If you ban imported textiles, it will create temporary market for the local producers, but that ban will also create a problem of smuggling and because these things will be more scarce in the market, there will be more pressure to bribe the customs at the border and the government will lose money in duties.
Another challenge is used clothes coming into the country. Textile mills produce high quality Ankara, imported used shirts coming into the country sell for N100. But, if somebody buys Ankara for N2,500, he or she will still pay a tailor to sew it. Most Nigerians would settle for the N100 used shirts instead because of the low purchasing power.
So, you are saying that the problem of the real sector is not cash…
No I don’t think so. Money is not the major challenge of the real sector; there are so many associated issues that need to be addressed. Skills in a particular line of business at times could be the overriding challenge. The company that has the best process in place will be the market leader because that process must have addressed the issue of quality and once the issue of quality is addressed, wastages are reduced and cost will be saved which will impact on the bottom line.
How does a company handle the issue of low productivity?
The key thing is to check the processes and how those companies adhere to their processes. There are some processes that waste money and raw materials. If your process ends up throwing up a high volume of old inventory, that is capital tied down and you pay interest on capital tied down. But most people look at the money as the major challenges. But if the processes are not good and the logistics are not dealt with, it leads to waste and loss of money. Once the product is not sold, there will be no money and working capital will dry up. You need to consult experts to know what the issue is which could be with the marketing, quality assurance and logistics challenges. It could be Human Resources, meaning that if you bring in the wrong set of workers who lack the skills to deliver on what you employed them for, it is a big problem because you will keep repeating jobs. What you are supposed to do in 30 days you will do in 45 days and it will lead to cost that will make your prices high. Once the prices are high, people will not patronise you.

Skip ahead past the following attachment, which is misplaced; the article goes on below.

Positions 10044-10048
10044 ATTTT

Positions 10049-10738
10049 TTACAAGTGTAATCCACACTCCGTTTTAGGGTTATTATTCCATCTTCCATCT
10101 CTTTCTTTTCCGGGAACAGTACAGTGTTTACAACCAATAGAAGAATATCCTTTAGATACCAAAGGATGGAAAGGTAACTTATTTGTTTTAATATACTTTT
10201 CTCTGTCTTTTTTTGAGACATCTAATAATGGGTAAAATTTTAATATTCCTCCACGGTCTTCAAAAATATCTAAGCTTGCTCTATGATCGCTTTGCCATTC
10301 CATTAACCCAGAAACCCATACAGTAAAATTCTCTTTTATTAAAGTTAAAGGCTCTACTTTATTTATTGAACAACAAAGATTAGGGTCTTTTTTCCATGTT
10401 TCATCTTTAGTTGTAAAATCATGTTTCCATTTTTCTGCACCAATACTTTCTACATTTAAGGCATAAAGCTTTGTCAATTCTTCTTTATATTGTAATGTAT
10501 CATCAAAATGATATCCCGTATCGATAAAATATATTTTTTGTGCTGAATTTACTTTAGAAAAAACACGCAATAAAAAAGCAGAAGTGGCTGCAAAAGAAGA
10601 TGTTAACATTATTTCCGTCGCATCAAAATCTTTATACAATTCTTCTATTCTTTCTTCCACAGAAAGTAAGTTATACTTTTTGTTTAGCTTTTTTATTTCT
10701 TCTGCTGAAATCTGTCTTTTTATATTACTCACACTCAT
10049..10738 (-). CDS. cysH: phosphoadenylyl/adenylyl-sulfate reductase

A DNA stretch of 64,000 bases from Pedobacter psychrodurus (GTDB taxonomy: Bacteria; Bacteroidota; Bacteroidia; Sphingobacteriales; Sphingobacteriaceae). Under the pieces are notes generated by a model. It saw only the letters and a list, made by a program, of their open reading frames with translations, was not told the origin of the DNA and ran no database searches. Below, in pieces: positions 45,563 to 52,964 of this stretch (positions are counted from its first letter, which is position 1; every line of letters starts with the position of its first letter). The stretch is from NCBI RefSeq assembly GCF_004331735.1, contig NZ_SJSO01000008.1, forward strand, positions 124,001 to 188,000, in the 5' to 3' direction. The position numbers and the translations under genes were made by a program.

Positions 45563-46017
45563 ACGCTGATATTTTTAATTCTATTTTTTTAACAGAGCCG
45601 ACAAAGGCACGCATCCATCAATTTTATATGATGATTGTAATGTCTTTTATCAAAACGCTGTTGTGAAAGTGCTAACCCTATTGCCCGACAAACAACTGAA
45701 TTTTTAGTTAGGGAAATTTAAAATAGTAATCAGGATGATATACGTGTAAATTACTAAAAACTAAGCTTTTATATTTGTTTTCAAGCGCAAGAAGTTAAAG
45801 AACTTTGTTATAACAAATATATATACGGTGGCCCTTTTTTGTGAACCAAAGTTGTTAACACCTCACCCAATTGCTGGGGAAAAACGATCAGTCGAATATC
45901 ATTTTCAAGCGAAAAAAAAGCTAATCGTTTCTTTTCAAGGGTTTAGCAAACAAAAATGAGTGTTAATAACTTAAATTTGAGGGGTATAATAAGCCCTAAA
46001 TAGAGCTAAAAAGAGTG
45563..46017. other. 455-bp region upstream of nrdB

What more can the government do to revive the industrial sector?
One thing that is clear is that there should be a mapping out of the sector. When that is done, we will be able to determine what and what we really produce in Nigeria. Then, policy has to decide which ones to support in the immediate, the medium term and the long term based on clear realities and earning power. With that, the sector will readjust. Like somebody rightly said, producers are the problem of government in the area of power. When you set up your factory, you don’t take into consideration your power requirements. Everybody builds factories that require energy and government does not have a data base of energy requirement of industries. Everybody woke up one day and there was no light. Researchers have said if we have 69,000 megawatts of power in 2029, we will be 15 years behind the world average.
Just like blood is to life so is power to manufacturing. Until the energy issue is resolved, there is no future for manufacturing. We cannot compete internally, that means you cannot earn forex and you cannot keep away cheaper products from entering your market. Other companies will see that you have a challenge here, your products are more expensive and it will attract their own; if you ban it, smuggling will start. So, as the smuggled goods come in, what they do is to depress your market. As a company, when smuggling starts, you will lose 20 per cent.
What other factors should be addressed apart from energy and technology?
There is a need to do a holistic survey of the manufacturing industry and the basic elements have to be addressed without which manufacturing cannot survive. Until the underlying elements are addressed, there will be no remedy. The major thing is the social infrastructure that is missing. It fuels corruption and makes people want to steal. The money they are stealing they want to use it and buy those things that they should have got through genuine income without stress. It is only in Nigeria that the government will build a N36m house and say people should pay 50 per cent and complete the remaining in six months.